I discovered the other day that the collective noun for skunks is a surfeit. This surprised me at two levels. The first level was that I hadn’t heard the word ‘surfeit’ used in anger since the revelation that King John died of a surfeit of lampreys. What actually happened was he had 18 pints of mead, got the munchies, popped down to the local Lamprey’u’Like, and had three QuarterpounderLampreyMcSpecial Heartbusterburgers with extra fried mangolds, went large for a groat, and choked on his own vomit. Of course the Government of the day slapped a D Notice on this, some Plantagenet spin doctor coined the phrase ‘a surfeit of lampreys’, and history got retold.
The second level of wonderment was caused by the realisation that nobody else thinks that one skunk is more than enough; to use the term ‘surfeit’ for more than one is oxymoronic. I was once in a car in deepest Utah when we hit a skunk, and the resultant stench was so nauseating, so pervasive, and so persistent we had no option but to leave the offending vehicle in the parking lot outside the local 2Lazee2 line dancing club until some drunken redneck called Duane thieved it to drive home, failed to negotiate the turn into the trailer park, hit some propane tanks, and incinerated an area the size of a couple of city blocks.
So a surfeit of skunks is wrong. What else do we know?
A pride of lions
A pride of lions? A pride of lionesses maybe. They do all the hunting, bring in all the food, look after the extended families of offspring, and, for all I know, moan that the ceiling of the den needs painting and that tap’s been dripping for months.
Lions, on the other hand, have one claim to fame. They somehow conned people into naming them ‘kings of the jungle’, when in fact they live on the plains of the African savannah and the nearest they come to a jungle is the local Masai maize plantation. Apart from that they do naff all except loll around in the shade, get fed by their womenfolk, scratch their genitals, and look for all the world as if getting ready for another hard afternoon drinking beer and watching ProCelebrity wrestling on the television. Duane’s role model.
A murder of crows
Somewhat over the top unless you’re Tippi Hedron in The Birds, or Patrick Troughton in The Omen. Or were they ravens? Anyway, you don’t need a collective noun for crows. They’re solitary by nature. In Norfolk they say, ‘If you see a lot of crows, they’re probably rooks. If you see a rook on its own, it’s a crow.’ That’s Norfolk for you.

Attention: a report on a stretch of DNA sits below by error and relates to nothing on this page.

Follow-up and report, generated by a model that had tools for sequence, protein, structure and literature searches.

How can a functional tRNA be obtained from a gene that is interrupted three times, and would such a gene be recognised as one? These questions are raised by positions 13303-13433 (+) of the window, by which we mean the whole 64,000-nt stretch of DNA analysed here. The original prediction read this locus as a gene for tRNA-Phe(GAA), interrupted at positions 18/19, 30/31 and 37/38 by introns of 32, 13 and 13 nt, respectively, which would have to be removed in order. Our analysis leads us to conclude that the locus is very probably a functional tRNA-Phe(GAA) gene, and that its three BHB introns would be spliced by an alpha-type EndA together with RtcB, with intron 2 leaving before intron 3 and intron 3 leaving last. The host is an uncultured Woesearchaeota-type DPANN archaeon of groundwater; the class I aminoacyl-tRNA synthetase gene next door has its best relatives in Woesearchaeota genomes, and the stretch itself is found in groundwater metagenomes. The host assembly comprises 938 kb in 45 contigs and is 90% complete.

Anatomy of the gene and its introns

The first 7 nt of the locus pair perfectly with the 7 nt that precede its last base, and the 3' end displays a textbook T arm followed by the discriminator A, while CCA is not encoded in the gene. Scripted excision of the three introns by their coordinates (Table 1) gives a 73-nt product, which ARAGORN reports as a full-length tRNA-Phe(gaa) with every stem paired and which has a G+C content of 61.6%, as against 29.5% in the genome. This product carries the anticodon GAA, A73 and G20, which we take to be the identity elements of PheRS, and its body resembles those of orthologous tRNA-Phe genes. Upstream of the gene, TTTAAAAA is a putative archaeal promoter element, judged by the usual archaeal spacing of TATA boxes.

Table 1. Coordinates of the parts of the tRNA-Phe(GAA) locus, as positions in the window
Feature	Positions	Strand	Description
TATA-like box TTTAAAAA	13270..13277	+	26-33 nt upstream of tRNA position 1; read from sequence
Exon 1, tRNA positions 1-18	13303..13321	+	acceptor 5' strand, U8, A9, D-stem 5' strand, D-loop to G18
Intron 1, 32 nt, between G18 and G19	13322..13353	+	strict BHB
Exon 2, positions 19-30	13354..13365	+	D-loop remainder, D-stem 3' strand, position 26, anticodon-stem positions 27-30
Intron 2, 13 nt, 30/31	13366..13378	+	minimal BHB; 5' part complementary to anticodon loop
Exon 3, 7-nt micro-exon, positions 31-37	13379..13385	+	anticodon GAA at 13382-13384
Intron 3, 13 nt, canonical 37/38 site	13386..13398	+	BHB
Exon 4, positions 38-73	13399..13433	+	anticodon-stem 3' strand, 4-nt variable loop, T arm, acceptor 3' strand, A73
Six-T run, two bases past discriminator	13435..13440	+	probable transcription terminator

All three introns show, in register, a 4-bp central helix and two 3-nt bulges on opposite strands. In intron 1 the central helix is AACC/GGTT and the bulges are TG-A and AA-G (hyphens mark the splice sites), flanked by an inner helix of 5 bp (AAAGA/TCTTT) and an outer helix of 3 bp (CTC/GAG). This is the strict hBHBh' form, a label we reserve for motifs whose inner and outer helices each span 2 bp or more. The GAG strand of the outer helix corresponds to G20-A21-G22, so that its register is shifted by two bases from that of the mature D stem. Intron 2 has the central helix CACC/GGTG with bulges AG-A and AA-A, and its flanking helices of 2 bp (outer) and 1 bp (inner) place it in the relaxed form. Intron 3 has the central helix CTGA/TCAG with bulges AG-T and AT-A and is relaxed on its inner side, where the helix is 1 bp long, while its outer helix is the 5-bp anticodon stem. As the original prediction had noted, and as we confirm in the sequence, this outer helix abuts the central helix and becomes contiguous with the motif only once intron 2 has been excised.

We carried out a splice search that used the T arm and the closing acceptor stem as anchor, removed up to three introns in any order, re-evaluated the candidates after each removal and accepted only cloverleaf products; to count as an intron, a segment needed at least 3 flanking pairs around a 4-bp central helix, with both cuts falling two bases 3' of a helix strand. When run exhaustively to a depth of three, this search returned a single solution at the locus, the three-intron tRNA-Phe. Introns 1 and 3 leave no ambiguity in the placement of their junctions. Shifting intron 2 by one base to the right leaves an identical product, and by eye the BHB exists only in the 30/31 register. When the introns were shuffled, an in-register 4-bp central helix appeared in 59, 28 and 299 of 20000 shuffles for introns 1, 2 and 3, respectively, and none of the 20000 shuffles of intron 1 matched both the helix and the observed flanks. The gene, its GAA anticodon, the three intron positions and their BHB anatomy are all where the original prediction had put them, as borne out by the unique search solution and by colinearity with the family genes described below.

A sleuth of bears
Bears aren’t good detectives, even if Frank Cannon outweighed a grizzly and Andy Dalziel looks like one. No bear ever gave an ursine Dr Watson a hard time by saying, ‘Obviously we’re looking for a one legged limeburner from Solihull.’ Bears have two verbal expressions: ‘Hmm, let’s eat it,’ and ‘Hmm, I’ve been shot’. That’s it.
A dissimulation of birds
Not notorious liars, birds, unless you count peacocks, where all that showing off tells the peahens all they need to know about how well the males are endowed.
A rabble of butterflies
Butterflies are unlikely to strike fear into the hearts of old ladies in a town centre.
A horde of guinea pigs/gerbils
See ‘Rabble of butterflies’ above
But sometimes the language gets it right.
A business of ferrets
Ferrets are like estate agents; they’re sleek and voracious, even if they tend to be a bit more malodorous, at least in general. Also, once a ferret gets its teeth locked onto something it won’t let go for love nor money. ‘Business’ sounds right, except an estate agent will let go when the money appears.
A coalition of cheetahs
Odd one this since cheetahs are solitary hunters. Not to be trusted of course. In business a coalition is called a ‘cartel’, and look what Dallas’s cartel, headed by JR, did to Cliff Barnes. Cliff was the Texas equivalent of an antelope.
A gang of bison
Well hard. They’re thick but tough, just like a Millwall supporter. If one of those bulky ruminants ever calls out to you ‘Come on down if you think you’re hard enough’, don’t even think about it.
One interesting anomaly exists. There is no collective noun for koala bears. That’s because they’re so laid back they haven’t got the energy to form a protest group demanding their right to be known as a ‘cuddle’.